Hunger Heroes: Connecting the Dots in Indianapolis

At Together at the Table 2015, we highlighted a few of the many individuals working to end hunger in their communities. Learn more about each of these “Hunger Heroes” and their work in our latest blog series, and get ready to be inspired! This week, read about David Miner’s work connecting nonprofits, food banks and other organizations to fight hunger in Indianapolis. 

Dave Miner
Dave Miner, Chairperson of the Indy Hunger Network

Dave Miner likes to draw maps—making connections is his forte. Understanding the interworking facets of food insecurity and those who work toward alleviating the gap between the food needed and the food provided is his passion.

As chairperson of the Indy Hunger Network, Miner uses his background in product development to approach hunger-centric project ideas through the lens of sustainability, access and nutrition.

One of the first projects Dave and the Indy Hunger Network took on was putting together an asset map of resources addressing food insecurity in the community. “When we started into this original map it looked like a plate of spaghetti—lines going everywhere. In the city of Indianapolis there are about 200 organizations that do something with food insecurity,” Dave Miner said. “It didn’t take a rocket scientist to look at it and say, wow, there is probably some opportunity for improvement here.”

In 2014 the Indy Hunger Network did a study to understand the city and its systems better. First, they made a list to connect all the sources of food across the city and placed that information into a pie chart of who does what. Through this study, the Network found that the number of meals served in Indianapolis increased by 40 million from the previous year. This gave them a basis to work from. With so many meals being served, the Network didn’t need to focus on providing more meals but instead on how to sustain the system at that level, while also improving access to nutrition.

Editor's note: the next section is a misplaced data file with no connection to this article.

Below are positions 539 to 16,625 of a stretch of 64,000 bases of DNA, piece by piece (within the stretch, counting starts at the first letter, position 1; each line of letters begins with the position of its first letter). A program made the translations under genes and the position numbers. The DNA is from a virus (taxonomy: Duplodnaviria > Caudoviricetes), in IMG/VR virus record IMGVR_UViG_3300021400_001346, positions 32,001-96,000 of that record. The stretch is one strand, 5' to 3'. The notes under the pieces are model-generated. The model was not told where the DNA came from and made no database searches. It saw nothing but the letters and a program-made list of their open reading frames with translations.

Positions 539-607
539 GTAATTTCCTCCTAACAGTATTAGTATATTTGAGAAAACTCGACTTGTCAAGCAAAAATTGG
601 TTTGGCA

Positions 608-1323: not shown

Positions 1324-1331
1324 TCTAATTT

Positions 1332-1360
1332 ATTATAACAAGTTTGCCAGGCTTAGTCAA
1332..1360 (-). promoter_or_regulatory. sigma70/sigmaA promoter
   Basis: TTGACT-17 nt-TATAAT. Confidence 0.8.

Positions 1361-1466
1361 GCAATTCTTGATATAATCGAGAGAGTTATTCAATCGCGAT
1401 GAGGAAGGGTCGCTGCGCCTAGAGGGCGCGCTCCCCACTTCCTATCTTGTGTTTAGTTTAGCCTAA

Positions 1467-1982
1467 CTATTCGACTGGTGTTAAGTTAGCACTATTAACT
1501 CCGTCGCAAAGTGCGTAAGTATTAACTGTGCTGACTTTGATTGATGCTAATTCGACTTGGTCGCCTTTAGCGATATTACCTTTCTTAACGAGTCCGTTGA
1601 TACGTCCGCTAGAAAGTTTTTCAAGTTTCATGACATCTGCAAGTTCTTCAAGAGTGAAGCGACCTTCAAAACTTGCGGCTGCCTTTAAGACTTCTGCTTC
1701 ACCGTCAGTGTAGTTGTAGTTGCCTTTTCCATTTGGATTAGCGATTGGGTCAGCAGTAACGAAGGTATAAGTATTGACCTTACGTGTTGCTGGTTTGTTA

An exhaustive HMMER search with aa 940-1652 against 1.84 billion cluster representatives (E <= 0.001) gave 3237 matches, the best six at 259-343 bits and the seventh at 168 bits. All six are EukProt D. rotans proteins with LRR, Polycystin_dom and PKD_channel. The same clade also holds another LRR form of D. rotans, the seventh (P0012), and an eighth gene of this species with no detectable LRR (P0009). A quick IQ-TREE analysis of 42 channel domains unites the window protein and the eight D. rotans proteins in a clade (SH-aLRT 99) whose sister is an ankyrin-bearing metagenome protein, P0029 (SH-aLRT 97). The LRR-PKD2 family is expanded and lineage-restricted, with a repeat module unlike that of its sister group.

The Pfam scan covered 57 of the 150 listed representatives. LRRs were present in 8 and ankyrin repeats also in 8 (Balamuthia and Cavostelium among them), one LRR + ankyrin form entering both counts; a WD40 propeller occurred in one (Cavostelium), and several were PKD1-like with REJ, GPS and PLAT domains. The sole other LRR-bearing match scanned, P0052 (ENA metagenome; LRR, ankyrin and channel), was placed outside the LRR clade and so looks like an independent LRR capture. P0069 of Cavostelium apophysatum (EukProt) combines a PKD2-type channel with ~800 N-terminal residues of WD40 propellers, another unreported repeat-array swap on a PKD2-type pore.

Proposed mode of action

“You might look at [our asset map], that plate of spaghetti, and think, ‘Wow, there is a lot of stuff in there. There is a lot of things we should do away with and try to consolidate,’” Miner said. “But after understanding the system and what different groups are doing, we realized we actually need everyone’s help.”

Collective efforts are key to fighting food insecurity in Indianapolis, Miner said. The community can’t rely solely on faith-based organizations, nor can it rely exclusively on secular groups. It definitely can’t go without federal help because federal aid accounts for 90 percent of the food given. And private donations are also important, because there is a large group of people who are living above 185% of the poverty line, meaning they aren’t eligible for federal support but still need assistance. Everyone has a substantial piece of the food assistance puzzle.

The Indy Hunger Network’s mission is to create a system that ensures anyone who is hungry in its community can access the food they need. The Indy Hunger Network is driven by its belief that by working together to make the system more efficient and effective, it is possible to dramatically reduce hunger. This work happens thanks to the efforts of people like Dave Miner, who are passionate about bringing people together to create systematic change.


Written by: Madyson Russell, No Kid Hungry Communications Youth Ambassador, Texas Hunger Initiative